Andrew G. Engel, M.D., has investigated different muscle and neuromuscular junction disorders at Mayo Clinic since 1965.
His previous seminal studies on congenital myopathies, Duchenne and other types of muscular dystrophy, different types of inflammatory myopathies, and disorders of neuromuscular transmission resulted in landmark publications that shaped the thinking of neurologists and investigators of neuromuscular disorders over several decades.
Dr. Engel's research at Mayo has resulted in the discovery of more than 10 new syndromes. The National Institutes of Health and the Muscular Dystrophy Association have funded his research.
Dr. Engel and his research team investigate recently identified muscular dystrophies by clinical, morphologic and molecular genetic approaches.
To elucidate the cause of neuromuscular junction diseases, they:
- Evaluate the clinical features
- Examine the structural changes at the motor endplate by cytochemical and electron microscopy studies
- Determine the number of acetylcholine receptors at the endplate
- Evaluate the electrophysiologic parameters of neuromuscular transmission by in vitro microelectrode and patch-clamp studies
If the above studies point to a candidate gene, then that gene is scrutinized by mutation analysis.
If a mutation is identified, the mechanism by which the mutant gene causes disease is investigated by engineering the mutant and corresponding wild-type gene into a suitable expression system, which is then interrogated by appropriate electrophysiologic and biochemical tests.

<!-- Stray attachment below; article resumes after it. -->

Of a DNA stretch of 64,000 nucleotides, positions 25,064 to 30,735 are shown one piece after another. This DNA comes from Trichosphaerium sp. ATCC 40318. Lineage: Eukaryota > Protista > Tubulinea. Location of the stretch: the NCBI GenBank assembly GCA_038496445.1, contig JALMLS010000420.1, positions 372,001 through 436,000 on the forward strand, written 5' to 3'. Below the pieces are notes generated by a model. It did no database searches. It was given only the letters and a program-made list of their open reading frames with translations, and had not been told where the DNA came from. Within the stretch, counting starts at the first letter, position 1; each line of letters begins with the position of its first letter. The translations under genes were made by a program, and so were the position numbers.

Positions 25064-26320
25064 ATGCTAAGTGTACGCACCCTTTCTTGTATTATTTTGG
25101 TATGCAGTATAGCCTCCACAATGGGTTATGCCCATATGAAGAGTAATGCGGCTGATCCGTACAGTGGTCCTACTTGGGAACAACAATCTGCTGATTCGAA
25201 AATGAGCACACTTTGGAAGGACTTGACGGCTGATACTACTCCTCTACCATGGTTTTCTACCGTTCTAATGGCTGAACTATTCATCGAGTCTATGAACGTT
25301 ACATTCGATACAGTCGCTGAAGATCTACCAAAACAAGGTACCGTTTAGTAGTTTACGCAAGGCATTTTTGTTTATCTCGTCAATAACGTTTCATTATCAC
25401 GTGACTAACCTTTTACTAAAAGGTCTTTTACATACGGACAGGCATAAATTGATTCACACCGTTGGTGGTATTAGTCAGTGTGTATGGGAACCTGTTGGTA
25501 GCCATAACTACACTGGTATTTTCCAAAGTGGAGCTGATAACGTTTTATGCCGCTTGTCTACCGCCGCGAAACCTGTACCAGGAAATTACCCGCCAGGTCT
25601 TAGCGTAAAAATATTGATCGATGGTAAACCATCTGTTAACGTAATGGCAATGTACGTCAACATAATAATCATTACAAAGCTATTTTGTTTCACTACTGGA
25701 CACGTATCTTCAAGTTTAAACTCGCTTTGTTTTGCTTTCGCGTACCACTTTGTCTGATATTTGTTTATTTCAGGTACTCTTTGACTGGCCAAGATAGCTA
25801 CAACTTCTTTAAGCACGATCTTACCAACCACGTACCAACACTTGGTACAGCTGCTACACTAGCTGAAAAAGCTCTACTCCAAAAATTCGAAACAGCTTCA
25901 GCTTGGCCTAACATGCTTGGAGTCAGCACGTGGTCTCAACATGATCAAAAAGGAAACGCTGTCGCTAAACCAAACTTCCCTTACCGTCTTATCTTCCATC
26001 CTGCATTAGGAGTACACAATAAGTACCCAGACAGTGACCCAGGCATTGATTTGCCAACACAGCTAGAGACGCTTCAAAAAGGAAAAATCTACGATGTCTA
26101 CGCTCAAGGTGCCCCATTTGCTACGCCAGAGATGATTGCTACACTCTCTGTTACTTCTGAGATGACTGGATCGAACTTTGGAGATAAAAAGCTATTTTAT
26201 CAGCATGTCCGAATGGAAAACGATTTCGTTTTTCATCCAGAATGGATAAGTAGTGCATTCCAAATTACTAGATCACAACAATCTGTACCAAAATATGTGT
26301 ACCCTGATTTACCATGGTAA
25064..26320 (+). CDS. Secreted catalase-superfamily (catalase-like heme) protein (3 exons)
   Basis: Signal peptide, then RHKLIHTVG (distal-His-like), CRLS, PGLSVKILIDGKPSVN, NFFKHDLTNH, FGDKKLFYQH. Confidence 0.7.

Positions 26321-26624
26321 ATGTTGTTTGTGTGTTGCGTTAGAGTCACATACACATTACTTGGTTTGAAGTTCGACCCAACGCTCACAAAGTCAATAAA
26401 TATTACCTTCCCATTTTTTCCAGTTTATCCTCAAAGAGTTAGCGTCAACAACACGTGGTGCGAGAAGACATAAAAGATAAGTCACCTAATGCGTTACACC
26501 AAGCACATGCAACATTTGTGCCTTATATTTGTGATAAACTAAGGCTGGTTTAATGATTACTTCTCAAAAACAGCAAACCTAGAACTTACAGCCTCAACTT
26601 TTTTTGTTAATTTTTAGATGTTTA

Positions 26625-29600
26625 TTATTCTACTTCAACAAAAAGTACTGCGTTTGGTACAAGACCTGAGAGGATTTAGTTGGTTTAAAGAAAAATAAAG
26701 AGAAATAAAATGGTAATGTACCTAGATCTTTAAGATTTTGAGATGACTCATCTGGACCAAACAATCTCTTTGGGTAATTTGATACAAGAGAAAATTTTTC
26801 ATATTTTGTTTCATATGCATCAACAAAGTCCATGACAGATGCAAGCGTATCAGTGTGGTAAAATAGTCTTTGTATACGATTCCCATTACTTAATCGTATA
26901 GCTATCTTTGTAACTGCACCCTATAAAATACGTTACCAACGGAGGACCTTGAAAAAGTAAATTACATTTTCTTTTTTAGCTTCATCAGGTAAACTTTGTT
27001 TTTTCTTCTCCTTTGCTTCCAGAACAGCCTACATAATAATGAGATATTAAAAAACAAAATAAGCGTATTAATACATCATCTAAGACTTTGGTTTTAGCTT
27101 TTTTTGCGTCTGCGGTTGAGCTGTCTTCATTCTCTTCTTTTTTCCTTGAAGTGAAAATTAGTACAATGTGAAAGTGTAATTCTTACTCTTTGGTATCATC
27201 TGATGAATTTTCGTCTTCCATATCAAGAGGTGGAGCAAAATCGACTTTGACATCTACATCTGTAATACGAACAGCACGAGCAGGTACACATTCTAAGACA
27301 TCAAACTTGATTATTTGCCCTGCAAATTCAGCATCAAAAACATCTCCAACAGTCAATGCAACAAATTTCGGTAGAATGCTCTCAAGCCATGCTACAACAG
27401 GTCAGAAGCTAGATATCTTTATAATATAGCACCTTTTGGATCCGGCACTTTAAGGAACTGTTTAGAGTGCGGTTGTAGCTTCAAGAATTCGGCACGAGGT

Significance to patient care
Discovery of several types of myasthenic syndromes has enabled Dr. Engel and his colleagues to determine the optimal therapy for different syndromes. Use of the correct medication has given "new life" to patients.
- Blockers of the acetylcholine receptor channel proved to be the best treatment for the slow-channel congenital myasthenic syndrome
- Cholinergic agonists are the preferred treatment for the fast-channel congenital myasthenic syndrome
- Albuterol, an adrenergic agonist, is the treatment of choice for congenital acetylcholinesterase deficiency and the limb-girdle myasthenia caused by mutations in the DOK7 gene
- Associate Editor, Neuromuscular Disorders, 1997-present
- Member, Institute of Medicine, National Academy of Sciences, 2003-present
- Associate Editor, Neurology, 2007-present
- Doctor of the Year, Myasthenia Gravis Foundation of America, 2010
- Lifetime Achievement Award, World Federation of Neurology, 2002
- Senator Jacob Javits Award in the Neurosciences, National Institute of Neurological Disorders and Stroke, 1984-1991 and 1995-2001
- Distinguished Investigator Award, Mayo Clinic, 1994
- Jerry Lewis Research Award, Muscular Dystrophy Association, 1992
- Duchenne-Erb Prize, German Muscular Dystrophy Association, 1990
- Honorary Member — European Neurological Society, German Neurological Society, Spanish Society of Neurology, German Society for Clinical Neurophysiology, American Association of Neuromuscular & Electrodiagnostic Medicine
- Past Associate Editor — Muscle & Nerve, Annals of Neurology, Journal of Neuropathology & Experimental Neurology, European Neurology